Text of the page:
David performs the programmed maintenance on OzFish’s machinery and ensures that everything is running as smoothly as possible.
When there’s a working bee, he is a constant presence, leading and inspiring new volunteers and supporting the more-experienced campaigners in any way that he can.
Collecting oyster shells from restaurants, seafood outlets and commercial shuckers is hot, dirty and smelly work but it is the backbone of the shellfish restoration project and without people like David, it just wouldn’t be possible to keep going.
David is a passionate advocate for increasing the number of female volunteers in the team and always finds a way to include everyone at the working bees.
“We’re happy if someone comes along and just gives us an hour of their time filling Robust Oyster Baskets, shaking them together or stapling them. Or they come along and give us four hours, or they get hooked like me and say, ‘I’m all in and I’ll do quite a bit’,” he added.
On top of all the other work he does, David has taken on the role of Monitoring Manager. This role is responsible for placing and retrieving underwater cameras around the sites where the chapter has placed baskets of oyster shell as part of the research program.
He then coordinates a team of volunteers in reviewing the video footage to record sightings of marine life around the test site.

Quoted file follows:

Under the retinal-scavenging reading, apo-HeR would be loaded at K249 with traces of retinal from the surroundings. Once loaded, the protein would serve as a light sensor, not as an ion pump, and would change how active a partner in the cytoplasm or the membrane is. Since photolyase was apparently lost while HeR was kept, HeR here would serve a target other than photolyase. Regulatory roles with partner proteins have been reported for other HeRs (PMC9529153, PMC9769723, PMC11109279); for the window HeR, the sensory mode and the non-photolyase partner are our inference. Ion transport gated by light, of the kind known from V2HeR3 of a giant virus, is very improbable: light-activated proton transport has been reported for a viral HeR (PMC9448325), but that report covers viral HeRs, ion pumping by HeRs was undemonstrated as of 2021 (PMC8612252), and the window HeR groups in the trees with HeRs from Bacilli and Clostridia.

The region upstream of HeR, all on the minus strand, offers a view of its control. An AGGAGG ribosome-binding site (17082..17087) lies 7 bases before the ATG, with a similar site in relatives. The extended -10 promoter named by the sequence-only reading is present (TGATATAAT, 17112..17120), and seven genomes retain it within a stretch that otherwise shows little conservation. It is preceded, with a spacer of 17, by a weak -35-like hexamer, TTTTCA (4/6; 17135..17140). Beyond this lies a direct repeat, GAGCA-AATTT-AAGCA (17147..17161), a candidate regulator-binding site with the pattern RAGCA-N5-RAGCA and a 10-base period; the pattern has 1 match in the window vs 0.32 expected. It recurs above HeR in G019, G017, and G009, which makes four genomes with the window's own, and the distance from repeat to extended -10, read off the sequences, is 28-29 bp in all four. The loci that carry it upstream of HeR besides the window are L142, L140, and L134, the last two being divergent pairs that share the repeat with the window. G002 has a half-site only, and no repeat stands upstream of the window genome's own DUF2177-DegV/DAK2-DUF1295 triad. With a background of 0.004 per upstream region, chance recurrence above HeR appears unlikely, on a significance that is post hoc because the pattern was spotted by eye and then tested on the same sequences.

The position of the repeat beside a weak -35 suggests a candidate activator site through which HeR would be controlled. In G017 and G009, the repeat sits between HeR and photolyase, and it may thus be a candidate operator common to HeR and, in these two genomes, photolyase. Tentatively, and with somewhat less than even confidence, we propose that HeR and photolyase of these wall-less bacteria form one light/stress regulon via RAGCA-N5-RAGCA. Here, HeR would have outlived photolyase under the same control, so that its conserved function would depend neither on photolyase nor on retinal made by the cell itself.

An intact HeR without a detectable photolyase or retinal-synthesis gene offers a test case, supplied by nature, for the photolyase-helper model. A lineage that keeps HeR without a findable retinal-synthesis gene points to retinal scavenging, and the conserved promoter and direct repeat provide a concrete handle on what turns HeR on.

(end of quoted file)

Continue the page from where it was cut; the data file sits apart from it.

NSW OzFisher of the Year
Graeme is one of the founding members of the Richmond Chapter in 2015 and has been responsible for numerous projects, including several riparian plantings, root ball snag acquisition and deployment into Emigrant Creek, as well as saltmarsh monitoring and preservation activities.
He has also poured in many hours in monitoring the area’s oyster decline and subsequent replacement of an apparent new disease-resistant oyster now populating the estuary.
Previous Richmond River Chapter President John Larsson, said Graeme was reluctant to have the spotlight on him and avoids having his photo taken due to his selfless nature.
“He’s always there to help when needed,” John said. “He took a team lead with one of our first major riparian projects on a tributary of the Richmond River and all the follow-up work that was needed there.
“The highway redirection provided a lot of root balls for organisations like OzFish up and down the East Coast and he was responsible for getting many of these root balls and woody debris structures in another tributary. It turned out to be another quite successful project.
“He’s also been very helpful with the oyster restoration project on the Richmond River, working with Southern Cross University to provide transport and working out where everyone should go to do all this work.”
Victoria OzFisher of the Year
During the flooding emergency which devastated the north of Victoria last summer, the OzFish Fish Emergency Recovery Teams worked in conjunction with NSW DPI Fisheries, the Murray Darling Basin Authority, Mallee Catchment Management Authority, the Victorian Fisheries Authority, First Nations communities, aquaculture organisations and community members.
The organisations came together to do whatever was necessary to save aquatic species.
Scott and Tracey took time off during the working week and dedicated at least one day every weekend for two months to rescue aquatic species along the flood front.